Peter Figura Blogging from Roland Garros: Day 1

Written by: Peter Figura

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***Peter is an award winning photographer and has been involved in tennis for almost 40 years.  He contributes to Ontario Tennis Magazine and some tennis publications in Europe.  His work has been published in Rogers Cup Souvenir Program, and he also contributes his work to Tennis Matters charity. Peter works with several tennis Clubs to help them get high quality tennis photography into marketing publications and displays.***

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In her first French Open appearance Canadian Rebecca Marino performed like a tour veteran. Not bothered by the fact that she was playing on Court 17 (the farthest from the Philippe Chartier Stadium) where the stand are very small, and the crown support relatively weak. That there were no (or very, very few) Canadian fans watching, or even the fact that people gathered around mainly because the next door there was Rafael Nadal practicing with Milos Raonic.

Marino played Kataryna Bondarenko, who although ranked number 110 on the WTA Tour (Marino is number 60) was in the past sitting comfortable inside top 30. And that’s why many commentators were expecting a tough match for the Canadian player. But Marino had a very different opinion. She took control of the match almost from the very first point, jumping to 2:0 lead. Bondarenko looks like she couldn’t do anything to change the outcome of this match that was decided literally in those first two games.  In the crucial moment the Ukrainian double faulted twice giving Marino a comfortable lead 6:3 in the first set. From that moment it was just a matter of time before the match was over.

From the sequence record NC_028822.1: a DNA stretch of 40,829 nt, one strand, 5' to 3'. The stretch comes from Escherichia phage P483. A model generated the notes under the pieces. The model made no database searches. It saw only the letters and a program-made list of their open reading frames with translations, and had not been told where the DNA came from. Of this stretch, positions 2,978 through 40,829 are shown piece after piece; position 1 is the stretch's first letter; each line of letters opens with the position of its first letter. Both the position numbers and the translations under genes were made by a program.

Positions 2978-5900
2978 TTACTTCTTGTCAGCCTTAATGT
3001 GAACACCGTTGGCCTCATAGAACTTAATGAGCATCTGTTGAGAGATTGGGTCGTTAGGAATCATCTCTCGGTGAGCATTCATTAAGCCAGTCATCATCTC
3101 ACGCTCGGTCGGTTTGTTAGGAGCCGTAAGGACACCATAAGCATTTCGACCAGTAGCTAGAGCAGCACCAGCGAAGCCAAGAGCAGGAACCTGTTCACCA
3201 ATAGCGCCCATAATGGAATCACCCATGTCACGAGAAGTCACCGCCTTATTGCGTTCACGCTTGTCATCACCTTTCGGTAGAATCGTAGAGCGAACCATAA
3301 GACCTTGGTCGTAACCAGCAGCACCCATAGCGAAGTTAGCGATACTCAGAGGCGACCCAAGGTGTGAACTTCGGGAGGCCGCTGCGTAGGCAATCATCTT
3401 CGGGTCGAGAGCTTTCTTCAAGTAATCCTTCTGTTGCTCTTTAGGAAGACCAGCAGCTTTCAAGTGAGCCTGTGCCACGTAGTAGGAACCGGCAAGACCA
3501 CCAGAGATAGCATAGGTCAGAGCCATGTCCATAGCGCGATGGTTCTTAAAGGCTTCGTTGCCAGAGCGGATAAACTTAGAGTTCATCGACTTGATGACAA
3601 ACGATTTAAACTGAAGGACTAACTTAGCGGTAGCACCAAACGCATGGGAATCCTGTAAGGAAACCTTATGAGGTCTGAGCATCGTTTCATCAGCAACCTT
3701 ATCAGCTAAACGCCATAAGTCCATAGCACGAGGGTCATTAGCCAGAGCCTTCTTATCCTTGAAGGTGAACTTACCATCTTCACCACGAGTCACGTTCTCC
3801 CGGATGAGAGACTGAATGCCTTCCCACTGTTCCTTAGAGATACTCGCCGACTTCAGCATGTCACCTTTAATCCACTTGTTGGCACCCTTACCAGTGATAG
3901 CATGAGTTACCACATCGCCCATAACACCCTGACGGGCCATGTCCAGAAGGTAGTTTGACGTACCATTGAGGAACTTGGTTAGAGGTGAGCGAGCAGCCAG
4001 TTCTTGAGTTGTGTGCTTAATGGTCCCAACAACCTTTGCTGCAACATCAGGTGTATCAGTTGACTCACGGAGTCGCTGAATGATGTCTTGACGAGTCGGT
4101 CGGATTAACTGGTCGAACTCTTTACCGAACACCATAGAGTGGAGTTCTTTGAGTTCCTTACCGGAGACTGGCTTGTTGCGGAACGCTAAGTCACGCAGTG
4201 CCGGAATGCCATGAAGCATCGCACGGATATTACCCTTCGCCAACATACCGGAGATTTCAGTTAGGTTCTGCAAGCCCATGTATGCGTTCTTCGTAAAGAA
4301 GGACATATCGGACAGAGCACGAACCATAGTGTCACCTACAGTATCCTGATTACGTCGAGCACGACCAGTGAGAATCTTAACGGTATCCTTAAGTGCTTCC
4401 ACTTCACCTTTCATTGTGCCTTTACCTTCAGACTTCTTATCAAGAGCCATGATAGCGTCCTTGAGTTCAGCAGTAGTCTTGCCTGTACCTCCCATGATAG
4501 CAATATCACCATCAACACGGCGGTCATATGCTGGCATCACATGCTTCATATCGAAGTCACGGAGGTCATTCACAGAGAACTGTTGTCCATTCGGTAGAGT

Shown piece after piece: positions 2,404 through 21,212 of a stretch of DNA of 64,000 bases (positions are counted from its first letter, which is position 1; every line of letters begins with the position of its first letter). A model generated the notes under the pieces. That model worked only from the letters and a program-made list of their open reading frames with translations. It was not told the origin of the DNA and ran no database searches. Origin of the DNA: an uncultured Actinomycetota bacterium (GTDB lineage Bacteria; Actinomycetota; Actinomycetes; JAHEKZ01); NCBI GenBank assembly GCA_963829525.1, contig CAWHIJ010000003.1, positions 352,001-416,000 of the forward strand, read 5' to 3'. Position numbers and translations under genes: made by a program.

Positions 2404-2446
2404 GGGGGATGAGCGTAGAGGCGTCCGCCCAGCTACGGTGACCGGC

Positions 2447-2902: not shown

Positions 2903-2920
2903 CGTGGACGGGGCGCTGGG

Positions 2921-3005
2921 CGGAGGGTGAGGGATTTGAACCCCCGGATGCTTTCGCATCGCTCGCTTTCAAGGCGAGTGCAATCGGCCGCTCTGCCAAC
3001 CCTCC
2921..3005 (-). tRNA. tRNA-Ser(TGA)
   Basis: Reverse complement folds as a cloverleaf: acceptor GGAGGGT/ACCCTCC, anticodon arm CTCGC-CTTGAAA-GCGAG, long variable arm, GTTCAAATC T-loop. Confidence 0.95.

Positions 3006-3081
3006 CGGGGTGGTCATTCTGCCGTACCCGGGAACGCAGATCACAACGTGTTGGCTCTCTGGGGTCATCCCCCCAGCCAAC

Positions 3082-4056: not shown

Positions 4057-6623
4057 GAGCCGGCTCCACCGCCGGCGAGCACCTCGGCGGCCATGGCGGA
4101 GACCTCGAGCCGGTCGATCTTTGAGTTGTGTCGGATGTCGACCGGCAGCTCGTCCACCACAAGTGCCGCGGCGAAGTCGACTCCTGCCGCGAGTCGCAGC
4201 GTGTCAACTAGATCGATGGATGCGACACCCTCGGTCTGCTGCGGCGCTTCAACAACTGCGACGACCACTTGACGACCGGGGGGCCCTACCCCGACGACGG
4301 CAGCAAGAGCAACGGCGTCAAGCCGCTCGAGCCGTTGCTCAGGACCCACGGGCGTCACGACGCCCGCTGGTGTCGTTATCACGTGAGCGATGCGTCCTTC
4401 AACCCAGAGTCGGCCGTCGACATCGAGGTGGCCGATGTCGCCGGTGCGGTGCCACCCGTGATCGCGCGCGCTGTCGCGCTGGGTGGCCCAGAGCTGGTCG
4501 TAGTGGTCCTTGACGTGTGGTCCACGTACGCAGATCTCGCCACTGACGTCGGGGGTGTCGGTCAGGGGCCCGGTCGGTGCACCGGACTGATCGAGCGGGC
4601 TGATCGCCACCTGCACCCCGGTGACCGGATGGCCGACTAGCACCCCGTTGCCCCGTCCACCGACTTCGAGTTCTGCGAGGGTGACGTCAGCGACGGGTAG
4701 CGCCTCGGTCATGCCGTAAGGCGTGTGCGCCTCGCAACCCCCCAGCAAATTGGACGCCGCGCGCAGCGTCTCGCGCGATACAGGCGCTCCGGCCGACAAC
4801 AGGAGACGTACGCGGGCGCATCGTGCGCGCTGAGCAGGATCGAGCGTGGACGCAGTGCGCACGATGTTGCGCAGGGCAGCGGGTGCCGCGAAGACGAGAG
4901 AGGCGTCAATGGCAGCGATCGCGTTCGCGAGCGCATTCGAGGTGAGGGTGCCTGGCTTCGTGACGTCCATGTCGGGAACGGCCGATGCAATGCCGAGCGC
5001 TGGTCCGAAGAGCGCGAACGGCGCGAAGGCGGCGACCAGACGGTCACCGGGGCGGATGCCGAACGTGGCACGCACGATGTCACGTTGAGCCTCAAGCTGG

Marin Cilic

First day of the 2011 Roland Garros was relatively uneventful. The biggest upset came with the very first match played on court 7, where relatively unknown Spaniard, who as a matter of fact is closing the first top 100 of the ATP rankings – Ruben Ramirez Hidalgo won is straight sets (7:6, 6:4, 6:4) against number 19 seed – Marin Cilic from Croatia.  Cilic seems to be controlling very early part of the match holding his serve, and marking Hidalgo work very hard to stay even, but the number of unforced errors (67 from Cilic vs. 34 from Hidalgo) made it virtually impossible for give himself a chance to win.

On the women’s side of the tournament number 19 Flavia Panetta and number 19 Sahar Peer both lost their matches to much lower ranked opponents.  Particularly Panetta match (lost in 3 sets to American Varvara Lepchenko) was a disappointing one, as she not only is top 20 ranked player (she was as high as number 10) and number 1 in doubles, but did relatively well in Paris getting twice to the fourth round.  Her opponent in 3 previous Paris appearances never went past the second round.

Today is going to be a very busy day in Paris. Novak Djokovic is putting his 37 matches winning streak on the line when he is playing Dutchman Thiemo De Bakker.  Roger Federer will play Feliciano Lopez whom he met few weeks ago in Madrid (Loped had a match point) and three Canadians will be playing almost at the same time.  Aleksandra Wozniak will be facing Jumri Namigata of Japan, Franck Dancevic will play Simone Bolelli of Italy, and Milos Raonic who is the first Canadian player to be seeded at the Grand Slam tournament will open his campaign on Court 16 against Michael Berrer of Germany.

A deeper dive into second serve statistics

The two most widely reported second serve statistics in professional tennis are the number of double faults a player hit, and their second serve winning percentage. If we’re trying to understand the effectiveness of a particular player’s second serve, relying only on those statistics has significant drawbacks. Article by Michal Kokta.

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